Written in parallel with Katherine Hubbard and Savannah Knoop: Small Town Sex Shop
Visiting the Small Town Sex Shop
By Samara Davis
I took an introductory pattern-making course a while ago. It was a particularly bad year and I hated pattern making—so much time, patience, and preparation required to make something I knew would be everything I wanted if only I had the right skills. I didn’t understand yet the nature of skills; commitment and work are a prerequisite to mastery, and a dream or vision is only a starting point, an orientation device. I hate that even now my frustration over this reality still takes up space somewhere inside me. I am ashamed of this space and I try to quickly acknowledge it, give it a condescending pat on the head and move on. My attraction to process-based work of all kinds is partly an antidote to this impatience; it’s some kind of saving grace that keeps my body in the picture (otherwise my brain reigns supreme). The more time I’ve spent with Katherine Hubbard and Savannah Knoop’s Small Town Sex Shop, the more my body has been thrown into relief. This has been a struggle and a gift.
Small Town Sex Shop is an excellent name for a place where pattern making occurs. It redeems this practice for me as a time of hopeful planning, when the object you’re looking for doesn’t quite exist yet and you have to move around the materials at hand before finding your way into the object’s own logic. In the shop I find I’m comforted by the garment patterns. Strips of fabric cut and pinned. All the pieces laid out and ready to be operated on (clothing patterns can be orientation devices too).
The first time I visited Recess, the STSS itself was taking shape: folded stacks of cloth, large heavy spools of elastic, a sewing machine, worktables, pins and measures. There were other special objects strewn about too, signaling the possibilities of a place that will never be just a store: sex ramps, for example, those strange orthopedic foam wedges, two heavy chunks of metal on the floor, a glass jar full of fingernails (though repulsive still deserving of its place there). In that room, mostly gray with light coming in from the storefront window, I imagined a place on the outskirts of town where all the freaks can gather and luxuriate in anonymity.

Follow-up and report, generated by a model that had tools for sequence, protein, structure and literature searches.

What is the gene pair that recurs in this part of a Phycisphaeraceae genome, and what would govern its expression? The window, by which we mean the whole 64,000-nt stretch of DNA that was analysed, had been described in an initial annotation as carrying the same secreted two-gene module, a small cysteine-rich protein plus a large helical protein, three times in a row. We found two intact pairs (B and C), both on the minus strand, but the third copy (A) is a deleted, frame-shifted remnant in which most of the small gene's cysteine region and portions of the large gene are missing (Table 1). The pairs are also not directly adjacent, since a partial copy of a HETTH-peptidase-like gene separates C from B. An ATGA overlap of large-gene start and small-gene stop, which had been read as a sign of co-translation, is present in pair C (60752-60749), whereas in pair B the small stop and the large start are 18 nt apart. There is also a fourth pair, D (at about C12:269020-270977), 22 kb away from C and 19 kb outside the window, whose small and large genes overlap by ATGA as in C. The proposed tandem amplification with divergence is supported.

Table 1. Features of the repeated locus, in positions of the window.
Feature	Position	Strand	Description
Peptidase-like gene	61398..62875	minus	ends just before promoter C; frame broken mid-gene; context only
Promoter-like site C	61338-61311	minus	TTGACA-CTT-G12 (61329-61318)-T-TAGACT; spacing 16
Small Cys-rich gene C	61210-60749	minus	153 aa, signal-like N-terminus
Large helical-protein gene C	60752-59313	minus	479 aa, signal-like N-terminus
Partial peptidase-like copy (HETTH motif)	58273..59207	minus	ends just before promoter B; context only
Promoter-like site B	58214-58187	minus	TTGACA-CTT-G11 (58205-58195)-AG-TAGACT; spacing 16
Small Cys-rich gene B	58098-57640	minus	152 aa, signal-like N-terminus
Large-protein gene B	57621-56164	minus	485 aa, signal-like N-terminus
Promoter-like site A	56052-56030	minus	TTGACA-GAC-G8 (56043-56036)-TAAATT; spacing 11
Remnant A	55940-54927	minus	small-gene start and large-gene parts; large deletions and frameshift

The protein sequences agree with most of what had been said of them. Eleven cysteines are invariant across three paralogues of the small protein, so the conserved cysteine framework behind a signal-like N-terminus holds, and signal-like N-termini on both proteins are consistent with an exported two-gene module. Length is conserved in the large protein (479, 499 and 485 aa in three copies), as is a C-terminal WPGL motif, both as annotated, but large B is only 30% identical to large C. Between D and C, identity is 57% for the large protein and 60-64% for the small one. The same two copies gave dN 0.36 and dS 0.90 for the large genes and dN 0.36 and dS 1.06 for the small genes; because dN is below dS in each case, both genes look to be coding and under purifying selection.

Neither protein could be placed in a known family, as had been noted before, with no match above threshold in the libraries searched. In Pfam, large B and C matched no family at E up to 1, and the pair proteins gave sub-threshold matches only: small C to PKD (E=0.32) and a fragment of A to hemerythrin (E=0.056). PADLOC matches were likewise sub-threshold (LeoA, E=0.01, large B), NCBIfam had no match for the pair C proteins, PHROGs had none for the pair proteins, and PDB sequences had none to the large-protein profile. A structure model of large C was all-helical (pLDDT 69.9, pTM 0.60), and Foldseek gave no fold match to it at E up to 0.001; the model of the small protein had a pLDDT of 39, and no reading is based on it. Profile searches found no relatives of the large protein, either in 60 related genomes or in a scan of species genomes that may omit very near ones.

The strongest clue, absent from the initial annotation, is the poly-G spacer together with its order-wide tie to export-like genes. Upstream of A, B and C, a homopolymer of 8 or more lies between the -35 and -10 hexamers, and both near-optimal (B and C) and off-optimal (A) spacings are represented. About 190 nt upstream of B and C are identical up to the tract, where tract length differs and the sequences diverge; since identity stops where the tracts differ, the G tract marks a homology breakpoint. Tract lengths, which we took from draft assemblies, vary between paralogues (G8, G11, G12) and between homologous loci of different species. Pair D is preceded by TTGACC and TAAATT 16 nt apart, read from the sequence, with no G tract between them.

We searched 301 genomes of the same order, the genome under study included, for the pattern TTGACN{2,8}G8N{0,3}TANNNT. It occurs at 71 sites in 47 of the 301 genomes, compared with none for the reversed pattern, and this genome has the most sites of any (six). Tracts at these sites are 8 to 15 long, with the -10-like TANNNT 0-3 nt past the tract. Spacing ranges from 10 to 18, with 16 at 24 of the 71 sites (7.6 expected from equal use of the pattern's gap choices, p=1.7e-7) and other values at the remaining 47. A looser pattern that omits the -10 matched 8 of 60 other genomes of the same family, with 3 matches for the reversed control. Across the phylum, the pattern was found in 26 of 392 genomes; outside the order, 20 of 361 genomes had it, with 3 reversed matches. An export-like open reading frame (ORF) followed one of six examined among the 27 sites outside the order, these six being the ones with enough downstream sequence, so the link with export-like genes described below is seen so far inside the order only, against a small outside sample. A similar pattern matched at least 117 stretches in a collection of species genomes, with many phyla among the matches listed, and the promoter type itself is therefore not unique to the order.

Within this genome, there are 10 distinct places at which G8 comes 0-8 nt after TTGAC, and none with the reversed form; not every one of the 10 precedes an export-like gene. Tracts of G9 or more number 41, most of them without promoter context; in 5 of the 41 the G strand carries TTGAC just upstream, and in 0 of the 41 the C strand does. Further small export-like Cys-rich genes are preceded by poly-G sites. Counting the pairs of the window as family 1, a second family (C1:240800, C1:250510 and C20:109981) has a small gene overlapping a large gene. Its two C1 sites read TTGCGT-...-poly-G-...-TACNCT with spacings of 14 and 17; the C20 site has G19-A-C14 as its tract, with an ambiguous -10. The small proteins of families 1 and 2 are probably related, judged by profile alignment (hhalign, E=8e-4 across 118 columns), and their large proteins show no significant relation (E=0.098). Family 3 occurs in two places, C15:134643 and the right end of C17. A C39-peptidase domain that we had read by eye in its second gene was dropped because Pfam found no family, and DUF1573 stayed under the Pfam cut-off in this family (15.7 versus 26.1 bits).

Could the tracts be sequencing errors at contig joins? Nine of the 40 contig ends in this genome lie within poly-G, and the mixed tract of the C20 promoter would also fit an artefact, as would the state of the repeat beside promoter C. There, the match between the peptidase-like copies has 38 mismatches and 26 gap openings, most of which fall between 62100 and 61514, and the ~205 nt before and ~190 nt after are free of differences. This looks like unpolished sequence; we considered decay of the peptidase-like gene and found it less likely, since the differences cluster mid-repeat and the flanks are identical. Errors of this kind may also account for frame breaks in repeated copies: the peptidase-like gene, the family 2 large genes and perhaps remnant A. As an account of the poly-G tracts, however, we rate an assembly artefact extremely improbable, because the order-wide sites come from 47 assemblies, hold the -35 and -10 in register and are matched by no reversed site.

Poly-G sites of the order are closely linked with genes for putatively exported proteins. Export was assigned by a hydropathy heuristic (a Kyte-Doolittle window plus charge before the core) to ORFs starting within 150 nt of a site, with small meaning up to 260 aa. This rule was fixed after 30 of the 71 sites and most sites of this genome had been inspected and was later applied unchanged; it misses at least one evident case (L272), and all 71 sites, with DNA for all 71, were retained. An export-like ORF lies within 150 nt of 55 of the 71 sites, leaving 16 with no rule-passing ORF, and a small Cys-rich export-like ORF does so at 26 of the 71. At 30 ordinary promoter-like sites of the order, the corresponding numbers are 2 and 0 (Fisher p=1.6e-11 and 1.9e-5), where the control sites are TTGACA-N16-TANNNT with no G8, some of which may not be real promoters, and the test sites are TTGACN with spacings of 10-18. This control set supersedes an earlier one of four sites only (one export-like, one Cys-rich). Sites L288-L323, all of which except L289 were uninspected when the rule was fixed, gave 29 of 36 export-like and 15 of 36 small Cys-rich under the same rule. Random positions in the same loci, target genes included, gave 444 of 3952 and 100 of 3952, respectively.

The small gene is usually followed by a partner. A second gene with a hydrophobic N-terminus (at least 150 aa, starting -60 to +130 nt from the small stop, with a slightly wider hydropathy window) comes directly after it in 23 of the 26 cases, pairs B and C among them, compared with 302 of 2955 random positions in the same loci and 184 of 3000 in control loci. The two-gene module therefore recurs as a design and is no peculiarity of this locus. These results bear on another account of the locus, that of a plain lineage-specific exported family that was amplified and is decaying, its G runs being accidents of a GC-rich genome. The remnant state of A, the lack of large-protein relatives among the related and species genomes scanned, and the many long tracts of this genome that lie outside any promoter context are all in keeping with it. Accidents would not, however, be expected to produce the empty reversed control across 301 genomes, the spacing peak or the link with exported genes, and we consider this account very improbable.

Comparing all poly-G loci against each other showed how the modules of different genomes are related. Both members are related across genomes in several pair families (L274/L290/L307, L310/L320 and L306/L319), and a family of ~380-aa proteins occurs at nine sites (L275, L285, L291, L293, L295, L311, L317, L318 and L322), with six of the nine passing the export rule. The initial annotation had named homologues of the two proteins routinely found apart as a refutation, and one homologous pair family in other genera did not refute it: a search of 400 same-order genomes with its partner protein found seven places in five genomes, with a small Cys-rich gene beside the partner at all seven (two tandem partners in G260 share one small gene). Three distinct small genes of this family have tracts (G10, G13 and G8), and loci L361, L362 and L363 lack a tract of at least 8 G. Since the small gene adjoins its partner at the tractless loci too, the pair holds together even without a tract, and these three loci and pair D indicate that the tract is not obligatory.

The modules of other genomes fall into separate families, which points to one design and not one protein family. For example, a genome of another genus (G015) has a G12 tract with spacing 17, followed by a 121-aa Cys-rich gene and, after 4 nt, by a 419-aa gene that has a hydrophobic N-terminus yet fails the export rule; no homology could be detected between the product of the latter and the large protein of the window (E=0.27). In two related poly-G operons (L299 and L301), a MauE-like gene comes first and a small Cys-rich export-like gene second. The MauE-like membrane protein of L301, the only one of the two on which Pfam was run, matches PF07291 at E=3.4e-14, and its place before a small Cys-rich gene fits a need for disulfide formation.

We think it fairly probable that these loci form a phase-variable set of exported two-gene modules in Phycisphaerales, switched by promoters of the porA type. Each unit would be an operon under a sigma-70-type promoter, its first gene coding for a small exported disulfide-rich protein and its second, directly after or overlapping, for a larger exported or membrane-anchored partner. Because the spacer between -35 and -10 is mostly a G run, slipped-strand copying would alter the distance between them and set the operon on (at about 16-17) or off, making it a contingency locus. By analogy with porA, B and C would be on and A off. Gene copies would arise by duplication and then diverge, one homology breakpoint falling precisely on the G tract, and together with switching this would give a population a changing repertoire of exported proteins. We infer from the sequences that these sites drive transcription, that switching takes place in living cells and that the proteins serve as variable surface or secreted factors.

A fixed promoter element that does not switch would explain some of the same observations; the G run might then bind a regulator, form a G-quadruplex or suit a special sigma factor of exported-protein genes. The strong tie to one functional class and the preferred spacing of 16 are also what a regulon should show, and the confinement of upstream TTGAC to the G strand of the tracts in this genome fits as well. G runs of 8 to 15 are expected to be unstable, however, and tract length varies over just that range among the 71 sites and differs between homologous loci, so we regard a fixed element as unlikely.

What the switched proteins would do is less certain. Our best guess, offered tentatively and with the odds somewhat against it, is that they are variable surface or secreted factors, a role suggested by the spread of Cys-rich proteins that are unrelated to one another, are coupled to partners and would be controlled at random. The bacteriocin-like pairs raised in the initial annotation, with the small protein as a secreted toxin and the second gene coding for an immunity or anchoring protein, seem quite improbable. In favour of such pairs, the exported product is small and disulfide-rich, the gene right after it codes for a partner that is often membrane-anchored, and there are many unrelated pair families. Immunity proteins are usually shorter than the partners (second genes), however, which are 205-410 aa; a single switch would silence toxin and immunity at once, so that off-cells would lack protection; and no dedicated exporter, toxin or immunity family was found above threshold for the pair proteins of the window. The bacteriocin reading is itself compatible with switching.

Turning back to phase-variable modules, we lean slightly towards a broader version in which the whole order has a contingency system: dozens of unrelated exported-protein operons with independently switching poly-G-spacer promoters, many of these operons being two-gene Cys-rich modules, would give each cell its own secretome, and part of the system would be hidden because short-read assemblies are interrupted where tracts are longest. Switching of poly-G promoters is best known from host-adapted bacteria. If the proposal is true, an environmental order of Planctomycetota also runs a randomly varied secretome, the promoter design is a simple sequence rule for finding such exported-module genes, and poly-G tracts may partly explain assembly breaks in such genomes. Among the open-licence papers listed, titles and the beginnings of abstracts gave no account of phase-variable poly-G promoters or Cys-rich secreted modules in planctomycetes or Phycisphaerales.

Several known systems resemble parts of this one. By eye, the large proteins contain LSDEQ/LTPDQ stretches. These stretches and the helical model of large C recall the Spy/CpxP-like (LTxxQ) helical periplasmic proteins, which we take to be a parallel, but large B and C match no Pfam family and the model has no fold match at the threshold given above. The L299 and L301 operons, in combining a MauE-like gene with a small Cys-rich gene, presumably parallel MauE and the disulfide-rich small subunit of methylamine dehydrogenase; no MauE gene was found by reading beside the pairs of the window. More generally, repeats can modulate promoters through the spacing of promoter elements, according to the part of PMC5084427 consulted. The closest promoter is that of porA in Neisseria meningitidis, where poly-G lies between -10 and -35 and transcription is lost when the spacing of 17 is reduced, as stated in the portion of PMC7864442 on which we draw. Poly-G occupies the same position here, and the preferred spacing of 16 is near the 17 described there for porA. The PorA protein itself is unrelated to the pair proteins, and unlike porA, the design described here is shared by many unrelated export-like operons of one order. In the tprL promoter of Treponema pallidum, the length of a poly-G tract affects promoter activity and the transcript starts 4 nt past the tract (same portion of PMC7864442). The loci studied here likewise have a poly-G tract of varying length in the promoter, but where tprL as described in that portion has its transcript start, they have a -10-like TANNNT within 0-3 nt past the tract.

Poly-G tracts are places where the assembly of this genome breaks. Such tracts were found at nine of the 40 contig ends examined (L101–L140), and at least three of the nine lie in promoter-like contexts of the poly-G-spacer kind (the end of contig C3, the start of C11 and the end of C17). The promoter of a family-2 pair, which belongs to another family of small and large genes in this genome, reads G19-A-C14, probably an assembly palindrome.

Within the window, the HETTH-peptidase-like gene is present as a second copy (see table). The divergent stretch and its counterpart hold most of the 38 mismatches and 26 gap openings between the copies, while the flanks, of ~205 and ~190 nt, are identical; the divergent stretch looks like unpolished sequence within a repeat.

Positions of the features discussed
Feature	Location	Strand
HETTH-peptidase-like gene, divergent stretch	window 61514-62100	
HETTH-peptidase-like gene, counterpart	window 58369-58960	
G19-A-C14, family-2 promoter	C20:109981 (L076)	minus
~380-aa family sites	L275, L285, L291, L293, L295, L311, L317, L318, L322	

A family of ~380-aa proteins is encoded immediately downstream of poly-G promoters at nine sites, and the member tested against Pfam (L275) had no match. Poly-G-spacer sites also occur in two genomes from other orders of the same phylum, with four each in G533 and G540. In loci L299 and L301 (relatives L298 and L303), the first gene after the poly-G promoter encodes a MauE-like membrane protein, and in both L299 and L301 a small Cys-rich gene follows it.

Upon entering, a long drooping canvas sheet with pattern cutouts obstructed my access. I can play along, I thought, as I stepped underneath the large swath to get to the main room where there was a worktable in the center and one rack of garments to the side. Can I touch these? I asked. I went through the rack timidly. A person was sitting behind a desk at the far end of the room. They didn’t seem to notice me or care that I came in. This helped me enter on my own terms; I could be attracted to whatever I wanted without anyone watching or caring or judging.
The single rack against the wall was like a curiosity cabinet of fabric—gauze and elastic straps suspended in so many creative entanglements. Somehow a long unwieldy pendulum, tossed over the pole and dragging on the floor, was the one object Savannah brushed over while showing us the other items. It was a shiny intricate mess and mass of metallic plastic beads and soft, knotted metal chains. Its long and scraggly mane of muddy gold (with specks of bright copper, red, and blue) was weighed down by the hard and bulbous shapes of a stuffed tube sock and cut-up tennis balls, all cast in bronze.
The pendulum wasn’t intimate like the other items, the ones you get close to and touch. Later Savannah would address it by saying something I kept with me but only vaguely. Her words were cast in a quivering and excited self-consciousness. I thought about this for days before asking her to explain it to me again. At the time I only retained something about dancing being like the pendulum, being like fucking, the only way to program—reprogram?—yourself the way you want. I somehow knew what she was saying before I could articulate it myself. I used to think dancing was the only time I felt free. This weighted beast hangs at Woahmone, the queer dance parties Savannah co-hosts. Even on that rack it allowed everything else to feel strange.